Ama's story

October 24, 2001


Ama: A Story of the Atlantic Slave Trade
By Manu Herbstein
450 pages, US$19.95
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This is the story of Nandzi, renamed Ama, renamed Pamela, cruelly named the "Blind Girl", renamed Ana, but always known to herself as Nandzi. It begins in a small Bekpokpam hamlet of northern Ghana with the rape and capture of young Nandzi as she looks after her sick four year-old brother Nowu, while her mother Tabitsha and her father Tigen attend her grandfather's funeral in a nearby village.

It ends in Bahia, Brazil, with the birth of Nandzi Ama, daughter of Kwame Zumbi, son of Nandzi, renamed Ama, now an old woman whose spirit is waiting in the shadows to fly back across the Atlantic to Africa for a final re-union with her ancestral household.

The story unfolds in several settings: Ama, the victim of inter-ethnic hostility and the greed of the African ruling elite, is taken to the European slave fort on the Gold Coast (Ghana); in the hold of the ill fated slave ship as it crosses the turbulent "Middle Passage"; and in the Americas, where we follow Ama's tribulations and eventual triumph.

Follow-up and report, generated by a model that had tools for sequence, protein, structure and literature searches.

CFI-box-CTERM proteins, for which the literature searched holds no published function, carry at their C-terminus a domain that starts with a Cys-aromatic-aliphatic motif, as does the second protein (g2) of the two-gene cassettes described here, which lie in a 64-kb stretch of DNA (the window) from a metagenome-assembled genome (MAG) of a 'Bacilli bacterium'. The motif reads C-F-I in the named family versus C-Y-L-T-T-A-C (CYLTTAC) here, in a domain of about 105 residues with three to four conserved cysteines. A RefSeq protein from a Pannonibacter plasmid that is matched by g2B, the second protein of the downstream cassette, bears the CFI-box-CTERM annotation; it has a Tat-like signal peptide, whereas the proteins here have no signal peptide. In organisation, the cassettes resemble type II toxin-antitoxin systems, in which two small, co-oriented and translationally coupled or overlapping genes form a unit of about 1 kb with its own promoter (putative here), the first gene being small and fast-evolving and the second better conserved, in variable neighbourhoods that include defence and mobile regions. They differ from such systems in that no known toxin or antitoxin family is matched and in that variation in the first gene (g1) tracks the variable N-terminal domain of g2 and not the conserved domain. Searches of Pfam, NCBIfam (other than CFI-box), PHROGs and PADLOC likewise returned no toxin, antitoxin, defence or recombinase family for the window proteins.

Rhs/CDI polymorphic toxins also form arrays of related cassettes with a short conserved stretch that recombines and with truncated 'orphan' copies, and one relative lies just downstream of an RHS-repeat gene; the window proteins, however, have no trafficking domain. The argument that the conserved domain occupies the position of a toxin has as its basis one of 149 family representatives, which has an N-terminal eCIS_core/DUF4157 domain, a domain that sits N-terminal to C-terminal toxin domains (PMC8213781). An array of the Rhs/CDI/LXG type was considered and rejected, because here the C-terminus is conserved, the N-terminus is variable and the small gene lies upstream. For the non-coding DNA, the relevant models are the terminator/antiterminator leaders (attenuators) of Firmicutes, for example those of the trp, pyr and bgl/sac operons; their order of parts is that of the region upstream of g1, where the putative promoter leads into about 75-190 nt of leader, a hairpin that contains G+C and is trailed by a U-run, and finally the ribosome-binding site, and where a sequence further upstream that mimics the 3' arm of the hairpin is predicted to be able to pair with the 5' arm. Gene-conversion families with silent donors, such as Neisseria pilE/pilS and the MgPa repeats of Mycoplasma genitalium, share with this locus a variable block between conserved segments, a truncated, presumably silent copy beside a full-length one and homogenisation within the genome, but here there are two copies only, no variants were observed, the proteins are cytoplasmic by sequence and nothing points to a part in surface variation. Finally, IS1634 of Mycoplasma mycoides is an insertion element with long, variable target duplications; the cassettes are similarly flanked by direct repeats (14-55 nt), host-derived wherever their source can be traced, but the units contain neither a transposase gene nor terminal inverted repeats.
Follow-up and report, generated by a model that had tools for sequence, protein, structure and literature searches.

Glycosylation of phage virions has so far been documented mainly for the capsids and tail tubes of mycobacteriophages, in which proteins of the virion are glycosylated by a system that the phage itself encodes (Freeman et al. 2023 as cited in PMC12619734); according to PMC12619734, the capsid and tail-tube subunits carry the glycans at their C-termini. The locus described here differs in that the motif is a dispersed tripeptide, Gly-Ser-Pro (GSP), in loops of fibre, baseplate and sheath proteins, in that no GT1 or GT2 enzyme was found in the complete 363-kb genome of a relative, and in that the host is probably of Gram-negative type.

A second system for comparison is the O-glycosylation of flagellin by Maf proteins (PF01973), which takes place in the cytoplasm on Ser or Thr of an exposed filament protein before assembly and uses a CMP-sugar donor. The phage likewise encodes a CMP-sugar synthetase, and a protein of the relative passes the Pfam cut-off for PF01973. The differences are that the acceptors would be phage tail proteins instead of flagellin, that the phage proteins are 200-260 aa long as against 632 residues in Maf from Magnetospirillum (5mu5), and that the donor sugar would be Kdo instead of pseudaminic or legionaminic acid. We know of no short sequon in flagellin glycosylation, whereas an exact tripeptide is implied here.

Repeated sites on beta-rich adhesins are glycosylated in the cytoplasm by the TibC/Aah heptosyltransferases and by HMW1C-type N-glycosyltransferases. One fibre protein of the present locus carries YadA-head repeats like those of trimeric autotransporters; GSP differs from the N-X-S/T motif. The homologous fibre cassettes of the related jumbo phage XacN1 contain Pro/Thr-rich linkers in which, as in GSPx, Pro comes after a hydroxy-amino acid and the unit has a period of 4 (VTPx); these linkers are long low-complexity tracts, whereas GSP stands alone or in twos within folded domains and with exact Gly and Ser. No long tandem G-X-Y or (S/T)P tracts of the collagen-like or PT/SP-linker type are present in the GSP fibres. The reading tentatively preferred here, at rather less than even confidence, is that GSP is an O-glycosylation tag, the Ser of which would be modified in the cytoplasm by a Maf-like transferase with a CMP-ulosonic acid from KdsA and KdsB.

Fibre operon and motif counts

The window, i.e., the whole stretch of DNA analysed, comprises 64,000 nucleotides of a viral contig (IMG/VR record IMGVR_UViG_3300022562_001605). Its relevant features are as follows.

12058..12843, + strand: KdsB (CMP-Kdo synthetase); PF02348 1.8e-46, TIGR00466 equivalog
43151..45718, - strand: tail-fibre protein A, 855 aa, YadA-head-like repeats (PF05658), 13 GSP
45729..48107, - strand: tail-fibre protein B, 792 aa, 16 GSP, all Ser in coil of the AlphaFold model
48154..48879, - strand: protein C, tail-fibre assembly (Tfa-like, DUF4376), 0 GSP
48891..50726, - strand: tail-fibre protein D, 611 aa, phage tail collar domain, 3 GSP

Ama's story is also the story of countless others: it is the story of Itsho and Tomba, her two "husbands", each of whom died an unsung tragic hero in the fight against slavery; it is the story of her various companions, especially Minjendo, Esi, Augusta, Nana Esi, Luiza, Jacinta and the old woman Esperanca, Wono and Ayodele, "the women who ... helped her through difficult times"; it is also the story of the countless European enslavers and their various African collaborators.

Above all, Ama is the story of the Atlantic slave trade. Manu Herbstein has written a story that has been told and retold by countless scholars and creative narrators, but almost always in bits and pieces, leaving many gaps and questions.

However, never has it been captured in its total complexity, never have its tragic implications been laid out so fully, with all the scattered details brought together into one magnificent narrative of awesome and humbling imaginative impact.

We may query a number of the details, we may quarrel with the fictional interpretation of certain historical events, but it is difficult to break away from this long and entangling story once you let yourself into its messy, gruesome and occasionally uplifting moments. Ama is perhaps a long story that seems to be barely begun even as your reach the final page.

[Kofi Anyidoho is professor and head of the department of English, University of Ghana.]

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